Uganda’s regional policy has been arrogance, wars and aggression. It is epitomised by the 1979 war, the aggression and war in Rwanda in 1994 by Rwandan-Uganda Generals purportedly supported by Uganda, the Congo invasion in the 1990s with devastating effect on the image of Uganda, the ‘legitimate’ war on the LRA and now Ugnada’s presence in Somalia.
The latest terror attacks that dogged the country at the eve of the World Cup celebrations in 2010 claiming tens of lives in Kampala would have been avoided.
The terrorists claimed they were revenging against UPDF stay in Somalia. The zero sum politics and the bypass of Parliament made it possible for the Somalis to imagine it is not AMISOM but UPDF in Somalia. To appease western powers, the NRM goverment opted to push UPDF and popularised it as a Ugandan initiative.
To the extent that Ugandan Generals in Somalia were threatening real war on Al Shabaab as opposed to the AMISOM peacekeeping mandate in Somalia. The NRM government has used foreign policy as a bait to cling to power. The American interest in Sudan, the British Interests and the other world powers interests on democracy can be compromised by strategic interest!
For instance, whenever Western powers get tough on Uganda, our government threatens partnership with suspicious Iran, brings in China and Gadaffi’s Libya.
The Democratic Party will change Uganda’s foreign face. Uganda’s support to the SPLA, legitimate or not, forced Sudan then to support the LRA menace. The arrogance and militarism in our current leadership made it possible for war to flourish in Northern Uganda, a war that could have been avoided through dialogue but claimed thousands of lives, displaced millions across the world and above all spread across East and Central Africa further denting our image for the past 24 years.
The LRA war was big bait, a war that in 2003 alone ate over $1.3 billion through different operations. Corruption flourished as junk choppers, ghost soldiers became the order of survival of some unscrupulous fellows in charge of the war. DP will revisit our foreign policy and regional strategy. With the coming referendum in Southern Sudan and possible independence of the south, Uganda will be at the centre and a player in the next challenge in Sudan.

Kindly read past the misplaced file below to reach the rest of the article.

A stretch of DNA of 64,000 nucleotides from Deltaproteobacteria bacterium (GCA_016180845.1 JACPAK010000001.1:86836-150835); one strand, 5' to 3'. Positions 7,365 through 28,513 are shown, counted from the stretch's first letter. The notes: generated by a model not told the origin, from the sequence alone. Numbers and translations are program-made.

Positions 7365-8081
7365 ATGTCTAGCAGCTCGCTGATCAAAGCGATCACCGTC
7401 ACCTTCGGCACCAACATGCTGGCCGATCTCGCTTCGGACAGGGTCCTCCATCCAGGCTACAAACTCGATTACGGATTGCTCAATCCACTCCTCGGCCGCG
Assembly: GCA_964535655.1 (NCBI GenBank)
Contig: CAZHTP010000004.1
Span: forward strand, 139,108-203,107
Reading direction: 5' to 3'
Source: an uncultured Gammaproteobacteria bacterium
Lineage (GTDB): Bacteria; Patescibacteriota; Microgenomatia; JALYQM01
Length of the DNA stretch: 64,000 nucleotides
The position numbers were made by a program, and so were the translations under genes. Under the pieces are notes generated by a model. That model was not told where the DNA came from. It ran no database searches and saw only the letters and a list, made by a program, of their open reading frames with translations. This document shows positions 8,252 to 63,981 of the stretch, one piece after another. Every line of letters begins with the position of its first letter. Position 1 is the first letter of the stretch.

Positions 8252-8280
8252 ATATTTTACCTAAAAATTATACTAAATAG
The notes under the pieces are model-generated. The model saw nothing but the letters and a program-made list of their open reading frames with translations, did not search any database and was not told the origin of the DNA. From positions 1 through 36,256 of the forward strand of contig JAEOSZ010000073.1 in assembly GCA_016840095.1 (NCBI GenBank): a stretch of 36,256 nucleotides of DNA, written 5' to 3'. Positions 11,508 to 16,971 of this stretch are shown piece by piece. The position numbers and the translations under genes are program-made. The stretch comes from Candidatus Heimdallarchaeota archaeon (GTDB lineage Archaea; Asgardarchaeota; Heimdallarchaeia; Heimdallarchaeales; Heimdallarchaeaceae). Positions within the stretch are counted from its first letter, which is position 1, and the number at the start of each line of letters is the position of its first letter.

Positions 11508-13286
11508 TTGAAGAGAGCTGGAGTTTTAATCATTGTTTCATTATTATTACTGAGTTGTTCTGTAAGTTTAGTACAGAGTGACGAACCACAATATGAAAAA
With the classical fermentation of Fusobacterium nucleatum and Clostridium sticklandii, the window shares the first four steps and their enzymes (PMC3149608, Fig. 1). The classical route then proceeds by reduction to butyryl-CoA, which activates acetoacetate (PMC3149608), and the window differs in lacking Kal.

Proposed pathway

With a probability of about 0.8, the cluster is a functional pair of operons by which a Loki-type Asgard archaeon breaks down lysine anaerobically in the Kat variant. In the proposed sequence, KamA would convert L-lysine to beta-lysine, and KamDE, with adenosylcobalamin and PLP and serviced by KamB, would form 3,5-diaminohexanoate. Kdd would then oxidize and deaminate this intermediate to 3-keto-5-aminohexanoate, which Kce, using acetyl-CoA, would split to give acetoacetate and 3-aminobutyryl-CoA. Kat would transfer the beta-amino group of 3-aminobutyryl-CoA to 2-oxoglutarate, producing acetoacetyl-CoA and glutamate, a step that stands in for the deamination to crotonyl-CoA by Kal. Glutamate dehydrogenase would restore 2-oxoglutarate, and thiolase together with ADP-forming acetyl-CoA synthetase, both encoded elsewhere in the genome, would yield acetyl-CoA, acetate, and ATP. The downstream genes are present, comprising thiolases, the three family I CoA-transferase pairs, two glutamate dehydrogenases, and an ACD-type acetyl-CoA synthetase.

Our government will make it possible for the good governance principle of checks and balances to take its course in international relations to suit our character of a peaceful and strong economic bloc of East Africa and the Great Lakes region.
With oil discoveries, and with President Museveni ruling with no term limits and the Constitution tampered with, Uganda needs Norbert Mao with a strong DP foreign policy and oil policy that will spare our country from the oil curse that has be-devilled many oil economies.
In a nutshell, the Democratic Party realises that the country’s objectives of economic development, social welfare and democracy, is inextricably bound to the international economic, social and political settings under the present conditions of globalisation.
DP’s foreign policy will be premised on regional and international cooperation to protect the country’s vital interests and for mutual socio-political and economic benefits focusing on accelerating greater integration within the East African community, energy security, strengthen relations with Europe, South-North America, Latin America, Eastern Europe, Russia, the Middle East-India, China and countries of south east Asia and Australia.
Mr Emmanuel Mwaka Lutukumoi, the DP National Publicity Secretary, wrote this article on behalf his party leader.
Monday, January 03, 2011
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